Webster describes setting as ''the way to describe the place, time, and environment in a story or play.'' But, setting can do more then that as well. Setting can create atmosphere in a story. The writer can use the setting to foreshadow events that are soon to come. It can also tell the reader what kinda of traits the characters show. Edgar Allen Poe did this three things with his story, ''The Fall of the House of Usher."
Poe used his wording of the setting to place an atmosphere in the readers head. Usher's house, the windows, the yard, all put a gloomy image in the readers mind and Poe is able to build off that to create a great story. His use of the words black, decayed, vacent help him to create the perfect atmosphere. The narrator states that the mansion had ''an atmosphere which had no affinity with the air of heaven." It wasn't clean, or beautiful, or something a reader would want to live in. It was a house that put them in a frightened mood and wondering why the house would be this way. Poe's wording when describing the setting is what creates the effective atmosphere in the story.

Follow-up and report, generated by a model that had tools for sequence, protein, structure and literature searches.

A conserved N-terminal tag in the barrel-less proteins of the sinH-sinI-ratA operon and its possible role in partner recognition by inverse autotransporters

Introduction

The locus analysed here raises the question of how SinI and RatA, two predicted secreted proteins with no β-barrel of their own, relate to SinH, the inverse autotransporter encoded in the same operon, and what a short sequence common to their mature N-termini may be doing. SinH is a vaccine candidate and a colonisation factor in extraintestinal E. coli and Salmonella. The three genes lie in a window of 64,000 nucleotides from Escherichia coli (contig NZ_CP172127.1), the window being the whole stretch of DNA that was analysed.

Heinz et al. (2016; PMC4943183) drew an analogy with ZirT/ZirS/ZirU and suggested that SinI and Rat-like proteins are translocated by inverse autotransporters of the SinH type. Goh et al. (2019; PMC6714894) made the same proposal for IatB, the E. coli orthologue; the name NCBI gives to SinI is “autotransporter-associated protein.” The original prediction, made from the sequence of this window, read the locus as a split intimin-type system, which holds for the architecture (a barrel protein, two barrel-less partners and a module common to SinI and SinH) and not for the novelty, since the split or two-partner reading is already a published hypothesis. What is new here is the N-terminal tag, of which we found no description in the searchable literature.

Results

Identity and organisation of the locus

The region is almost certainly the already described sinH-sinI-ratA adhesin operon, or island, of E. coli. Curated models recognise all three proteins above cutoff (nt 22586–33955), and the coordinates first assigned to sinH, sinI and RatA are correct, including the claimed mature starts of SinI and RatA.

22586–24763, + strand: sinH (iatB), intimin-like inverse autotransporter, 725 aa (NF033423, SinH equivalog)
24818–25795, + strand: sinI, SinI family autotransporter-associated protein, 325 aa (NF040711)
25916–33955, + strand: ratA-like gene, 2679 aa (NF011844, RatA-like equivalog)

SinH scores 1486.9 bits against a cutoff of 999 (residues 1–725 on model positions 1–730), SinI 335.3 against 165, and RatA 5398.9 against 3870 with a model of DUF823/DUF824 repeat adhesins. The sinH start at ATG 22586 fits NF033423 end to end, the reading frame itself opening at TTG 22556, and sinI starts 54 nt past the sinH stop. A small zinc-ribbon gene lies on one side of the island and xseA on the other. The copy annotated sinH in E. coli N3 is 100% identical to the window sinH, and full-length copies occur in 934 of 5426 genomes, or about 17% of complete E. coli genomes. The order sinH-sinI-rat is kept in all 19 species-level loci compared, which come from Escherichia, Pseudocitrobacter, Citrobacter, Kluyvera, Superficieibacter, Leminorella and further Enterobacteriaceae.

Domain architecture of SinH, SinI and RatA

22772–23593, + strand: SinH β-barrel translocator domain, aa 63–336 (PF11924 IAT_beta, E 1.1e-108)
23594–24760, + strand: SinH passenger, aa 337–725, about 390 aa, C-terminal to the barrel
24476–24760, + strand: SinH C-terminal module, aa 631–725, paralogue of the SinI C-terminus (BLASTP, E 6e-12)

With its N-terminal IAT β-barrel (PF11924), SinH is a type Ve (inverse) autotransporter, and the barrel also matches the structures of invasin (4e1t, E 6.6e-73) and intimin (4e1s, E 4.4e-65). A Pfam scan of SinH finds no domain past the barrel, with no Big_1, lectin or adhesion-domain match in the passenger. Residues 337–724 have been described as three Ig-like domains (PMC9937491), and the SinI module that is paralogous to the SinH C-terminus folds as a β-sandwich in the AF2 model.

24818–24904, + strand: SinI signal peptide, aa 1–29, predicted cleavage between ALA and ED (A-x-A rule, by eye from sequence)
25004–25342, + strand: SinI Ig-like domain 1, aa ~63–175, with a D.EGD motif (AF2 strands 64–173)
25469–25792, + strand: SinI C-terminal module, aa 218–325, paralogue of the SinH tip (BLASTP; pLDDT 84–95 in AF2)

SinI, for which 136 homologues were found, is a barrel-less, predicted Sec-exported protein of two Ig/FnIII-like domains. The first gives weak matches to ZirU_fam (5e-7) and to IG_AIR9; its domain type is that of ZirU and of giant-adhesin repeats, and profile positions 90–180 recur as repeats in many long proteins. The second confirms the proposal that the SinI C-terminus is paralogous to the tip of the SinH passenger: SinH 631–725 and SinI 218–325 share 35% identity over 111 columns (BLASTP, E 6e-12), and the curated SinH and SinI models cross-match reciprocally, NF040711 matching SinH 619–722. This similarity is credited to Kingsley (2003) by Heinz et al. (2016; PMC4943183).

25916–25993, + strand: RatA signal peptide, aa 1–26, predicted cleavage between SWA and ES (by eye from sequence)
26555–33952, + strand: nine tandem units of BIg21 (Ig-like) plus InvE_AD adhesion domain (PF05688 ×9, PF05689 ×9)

Another important way Poe uses setting is to foreshadow events in the story. An example of this is the mansion. The narrator notices a small crack in the house. He defines this as a crack in the building, but also in the family. This foreshadows that something is coming along to make the house and the family 'fall.' Another way foreshadowing takes place in setting is the time of year. ''The Fall of the House of Usher'' takes place in autumn. Autumn is used to symbolize that death is around the corner. This type of symbolism is also used on the night when Roderick's mind is finally on its last string. There is a storm outside, which also symbolizes that something bad is going to happen. In this story Poe used enough information to clue the reader in on what was going to happen, but not enough to give it all away.
Character traits are also displayed through the...
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